It appears I’m headed into another vortex of work for a few days, and maybe weeks, although it won’t be unrelenting. I’ve accepted an outside job doing proofreading on some marketing materials, the proceeds of which I’m throwing into our Iceland account. Did I mention we’re going to Iceland in June? WE ARE GOING TO ICELAND. I’ve always wanted to see the midnight sun and sit in steaming cauldrons of natural hot springs. The last time I did that was in Yellowstone, in a place deep in the backcountry, where a hot spring joined with a cold stream to make a perfect, and I do mean perfect, hot tub. You adjusted the temperature by moving around in the stream. ‘Twas wonderful. But this trip, like the last one, will require money, so I’m in selling/earning/saving mode.
A big pile of work has been promised for my blogging time tonight, so this may be a little dashed-off. Fortunately, I have some good links. Here’s Matt Taibbi at Rolling Stone on Il Douche, but more important, the conditions that have allowed his remarkable run to take place:
What these tweedy Buckleyites at places like the (National) Review don’t get is that most people don’t give a damn about “conservative principles.” Yes, millions of people responded to that rhetoric for years. But that wasn’t because of the principle itself, but because it was always coupled with the more effective politics of resentment: Big-government liberals are to blame for your problems.
Elections, like criminal trials, are ultimately always about assigning blame. For a generation, conservative intellectuals have successfully pointed the finger at big-government-loving, whale-hugging liberals as the culprits behind American decline.
But the fact that lots of voters hated the Clintons, Sean Penn, the Dixie Chicks and whomever else, did not, ever, mean that they believed in the principle of Detroit carmakers being able to costlessly move American jobs overseas by the thousands.
It’s a really good piece. Long, but entertaining and absolutely worth your time.
As is this one, again by Jeb Lund, again in Rolling Stone. It’s about the other Jeb, the exclamation-point one. It’s not a slashing piece; Lund is a Floridian, and gives Jeb! credit for his competent handling of that state’s hurricanes, plural. (You’ll recall it only took one to send his brother into a tailspin.) But then he gets to the Terri Schiavo case, and, well, it’s hard for a thinking person to forgive the governor that.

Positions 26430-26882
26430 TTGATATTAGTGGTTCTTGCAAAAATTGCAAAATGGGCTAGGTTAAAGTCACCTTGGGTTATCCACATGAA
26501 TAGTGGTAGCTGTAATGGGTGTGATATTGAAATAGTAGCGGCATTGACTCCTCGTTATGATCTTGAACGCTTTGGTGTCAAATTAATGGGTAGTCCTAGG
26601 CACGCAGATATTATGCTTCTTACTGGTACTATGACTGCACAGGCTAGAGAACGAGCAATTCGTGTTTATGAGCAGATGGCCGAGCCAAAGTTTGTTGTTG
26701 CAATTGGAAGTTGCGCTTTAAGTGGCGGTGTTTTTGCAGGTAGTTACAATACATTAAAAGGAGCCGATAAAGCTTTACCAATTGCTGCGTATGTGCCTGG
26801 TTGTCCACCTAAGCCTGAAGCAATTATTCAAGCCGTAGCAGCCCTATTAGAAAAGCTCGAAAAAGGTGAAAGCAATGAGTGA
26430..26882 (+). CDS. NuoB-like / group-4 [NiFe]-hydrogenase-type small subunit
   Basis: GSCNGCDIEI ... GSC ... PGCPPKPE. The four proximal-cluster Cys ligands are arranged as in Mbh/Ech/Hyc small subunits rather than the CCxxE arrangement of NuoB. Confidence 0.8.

Oddly enough, I’ve seen Jeb come in for abuse on that issue from the other side, some of whom honestly believed that he should have sent the Florida National Guard into her hospice, to protect her from her husband. Whom they would have loved to see arrested. There’s a noxious priest who was openly saying that Michael Schiavo abused his wife into a coma and, fearful she might wake up after 16 years and be able to point a trembling finger at him from a witness stand, just wanted to, y’know, finish the job. And in fact, Bush did ask the prosecutor to look over the original police and medical reports, for just that sort of evidence.
So let’s wrap up with something a little lighter — Hank, on the “Full House” reboot, “Fuller House.” It has a nice late-in-the-piece pivot point:
I could stop here and go home, having dutifully shot the fish in “Fuller House’s” barrel. But we haven’t done the part where you accuse me of telling the kids to get off my lawn. I feel we must.
“Full House” wasn’t my thing, so “Fuller House” certainly won’t be. But you younger folks, you enjoy.
Well, the snowstorm was a big nothing burger for my part of Michigan — all-day slush-rain, as the temperature hovered at 32.8, and yes, I checked. We still might get something overnight, but right now? I’m thinking I’m going to have to swim in the morning.
Good day, all.